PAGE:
Low-frequency oscillations in default mode subnetworks are associated with episodic memory impairments in Alzheimer's disease

Michele Veldsman, Natalia Egorova, Baljeet Singh, Dan M Mungas, Charles DeCarli, Amy Brodtmann

Research output: Contribution to journalArticle

5 Scopus citations


Disruptions to functional connectivity in subsystems of the default mode network are evident in Alzheimer's disease (AD). Functional connectivity estimates correlations in the time course of low-frequency activity. Much less is known about other potential perturbations to this activity, such as changes in the amplitude of oscillations and how this relates to cognition. We examined the amplitude of low-frequency fluctuations in 44 AD patients and 128 cognitively normal participants and related this to episodic memory, the core deficit in AD. We show higher amplitudes of low-frequency oscillations in AD patients. Rather than being compensatory, this appears to be maladaptive, with greater amplitude in the ventral default mode subnetwork associated with poorer episodic memory. Perturbations to default mode subnetworks in AD are evident in the amplitude of low-frequency oscillations in the resting brain. These disruptions are associated with episodic memory demonstrating their behavioral and clinical relevance in AD.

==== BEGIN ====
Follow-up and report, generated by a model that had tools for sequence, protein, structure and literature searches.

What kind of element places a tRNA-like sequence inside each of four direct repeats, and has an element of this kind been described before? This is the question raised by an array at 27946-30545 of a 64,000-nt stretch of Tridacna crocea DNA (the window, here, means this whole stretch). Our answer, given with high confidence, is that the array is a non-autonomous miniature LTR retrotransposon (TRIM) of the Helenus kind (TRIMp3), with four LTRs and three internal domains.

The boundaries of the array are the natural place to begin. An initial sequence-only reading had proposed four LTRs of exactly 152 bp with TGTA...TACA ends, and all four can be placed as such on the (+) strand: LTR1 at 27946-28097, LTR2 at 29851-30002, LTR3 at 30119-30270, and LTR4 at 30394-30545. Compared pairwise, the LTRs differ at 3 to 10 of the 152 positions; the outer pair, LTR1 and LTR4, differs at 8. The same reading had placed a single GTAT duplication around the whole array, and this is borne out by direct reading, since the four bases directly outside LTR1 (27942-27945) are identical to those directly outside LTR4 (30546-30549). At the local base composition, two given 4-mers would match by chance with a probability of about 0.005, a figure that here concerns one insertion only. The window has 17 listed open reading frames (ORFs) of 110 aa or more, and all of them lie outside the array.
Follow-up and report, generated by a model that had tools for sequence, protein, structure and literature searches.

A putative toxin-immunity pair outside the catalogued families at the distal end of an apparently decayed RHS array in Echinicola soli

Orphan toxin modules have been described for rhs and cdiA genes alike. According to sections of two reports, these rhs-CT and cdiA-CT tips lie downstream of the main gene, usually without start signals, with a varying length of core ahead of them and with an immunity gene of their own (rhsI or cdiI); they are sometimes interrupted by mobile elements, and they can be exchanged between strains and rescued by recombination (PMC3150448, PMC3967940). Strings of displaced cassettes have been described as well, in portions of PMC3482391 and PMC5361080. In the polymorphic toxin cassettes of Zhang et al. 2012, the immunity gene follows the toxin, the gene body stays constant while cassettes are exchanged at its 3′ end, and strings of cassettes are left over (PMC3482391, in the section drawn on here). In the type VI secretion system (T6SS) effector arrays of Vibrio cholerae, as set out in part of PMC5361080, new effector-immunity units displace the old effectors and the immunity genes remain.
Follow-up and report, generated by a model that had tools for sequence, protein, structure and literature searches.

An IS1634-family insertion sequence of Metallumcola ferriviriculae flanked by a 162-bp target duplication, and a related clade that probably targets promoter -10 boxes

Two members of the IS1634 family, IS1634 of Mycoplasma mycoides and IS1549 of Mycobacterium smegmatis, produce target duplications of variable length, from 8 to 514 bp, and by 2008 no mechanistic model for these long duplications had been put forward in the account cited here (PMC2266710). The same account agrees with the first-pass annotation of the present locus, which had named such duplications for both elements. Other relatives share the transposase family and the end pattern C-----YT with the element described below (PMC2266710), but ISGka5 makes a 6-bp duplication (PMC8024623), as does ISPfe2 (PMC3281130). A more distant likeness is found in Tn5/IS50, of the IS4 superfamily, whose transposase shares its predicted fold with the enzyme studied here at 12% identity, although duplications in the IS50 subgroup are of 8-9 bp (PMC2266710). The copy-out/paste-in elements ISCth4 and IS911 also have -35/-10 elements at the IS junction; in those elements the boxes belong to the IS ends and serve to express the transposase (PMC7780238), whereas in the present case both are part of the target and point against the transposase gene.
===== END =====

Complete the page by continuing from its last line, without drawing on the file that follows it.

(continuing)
Original languageEnglish (US)
Pages (from-to)98-106
Number of pages9
JournalNeurobiology of Aging
StatePublished - Nov 1 2017



  • Alzheimer's disease
  • Default mode network
  • Episodic memory

ASJC Scopus subject areas

  • Neuroscience(all)
  • Aging
  • Developmental Biology
  • Geriatrics and Gerontology
  • Clinical Neurology

Cite this